Friday, July 19, 2019
Motiff of King Lear :: English Literature Essays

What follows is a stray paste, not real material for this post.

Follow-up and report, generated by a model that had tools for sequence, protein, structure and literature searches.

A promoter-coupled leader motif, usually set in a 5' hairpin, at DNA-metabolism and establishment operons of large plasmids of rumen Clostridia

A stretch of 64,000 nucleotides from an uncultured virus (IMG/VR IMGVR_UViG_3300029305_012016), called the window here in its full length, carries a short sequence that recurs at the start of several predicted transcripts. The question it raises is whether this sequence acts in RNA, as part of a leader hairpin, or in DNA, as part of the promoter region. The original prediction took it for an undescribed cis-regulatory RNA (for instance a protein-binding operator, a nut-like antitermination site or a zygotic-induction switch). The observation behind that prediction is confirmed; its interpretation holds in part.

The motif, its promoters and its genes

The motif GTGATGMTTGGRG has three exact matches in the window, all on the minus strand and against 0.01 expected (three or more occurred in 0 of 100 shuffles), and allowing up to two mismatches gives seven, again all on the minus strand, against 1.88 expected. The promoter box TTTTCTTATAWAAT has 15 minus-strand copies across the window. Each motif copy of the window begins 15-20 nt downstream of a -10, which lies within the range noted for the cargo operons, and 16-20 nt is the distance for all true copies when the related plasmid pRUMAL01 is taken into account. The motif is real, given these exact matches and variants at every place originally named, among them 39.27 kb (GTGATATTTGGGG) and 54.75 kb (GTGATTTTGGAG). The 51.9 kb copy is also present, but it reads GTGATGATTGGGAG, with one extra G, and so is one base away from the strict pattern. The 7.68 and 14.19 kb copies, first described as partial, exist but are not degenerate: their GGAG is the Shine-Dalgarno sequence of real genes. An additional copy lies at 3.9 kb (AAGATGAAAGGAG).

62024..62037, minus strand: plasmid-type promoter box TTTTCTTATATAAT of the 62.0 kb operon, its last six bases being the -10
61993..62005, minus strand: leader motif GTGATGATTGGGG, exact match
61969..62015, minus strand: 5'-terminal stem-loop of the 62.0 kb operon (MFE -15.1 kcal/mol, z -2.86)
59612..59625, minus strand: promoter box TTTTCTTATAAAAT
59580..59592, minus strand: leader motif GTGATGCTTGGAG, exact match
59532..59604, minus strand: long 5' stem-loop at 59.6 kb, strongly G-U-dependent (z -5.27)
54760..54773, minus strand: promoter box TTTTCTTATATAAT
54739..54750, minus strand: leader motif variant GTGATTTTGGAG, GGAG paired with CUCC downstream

Motiff of King Lear One of the primary themes portrayed in "King Lear" is the harsh effects of betrayal by one's loved ones. Incorporated in this message is the fact that such betrayal can be avoided with sound judgment and temper, and with patience in all decisions. Shakespeare uses the motif of madness to aid in this message. Anger and insanity are coupled to illustrate the theme, and they both cloud the judgment of characters in various ways. A contrast between actual insanity and fabricated madness aids in the depiction of the main theme as well. King Lear's temper and madness in the form of anger are shown in Act I, when he is quick to banish Cordelia, under the false impression that she does not love him. Kent tries to warn him, and says "When Lear is mad, ... When majesty stoops to folly," implying that Lear's rage has blinded him from making the correct decision. Lear's anger is heightened when Goneril insults him and he decides to leave her castle. His anger consumes him until he is forced to scream to the skies, "O Let me not be mad... Keep me in temper." In Act II, after he is betrayed by Regan as well, he says to his servant, "O Fool, I shall go mad." He is saying that he is so overcome by pain that he will go mad, not knowing that, ironically, his anger will later transform into true insanity. Edgar offers a different pathway for the madness motif to unfold. In Act II, after fleeing Gloucester's castle, he decides to disguise himself as a beggar with no clothes and "lunatic bans." He pretends to be mad for the majority of the story and in another ironic twist, it is this so-called madman that actually brings many truths to light. Lear's madness begins to unfold in Act III. Kent notes in the shelter, that "his wits begin to unsettle." Scene IV is a blatant display of madness by Lear and the acting Edgar, who converse with each other in incoherent outbursts. Lear becomes more and more unstable as he uses two stools as models of his daughters and places them on trial for the crimes they have committed against him. In Act IV, Edgar is reunited with Gloucester, who thinks he is a madman. Edgar actually saves his father's life in this act, still pretending to be mad the entire time.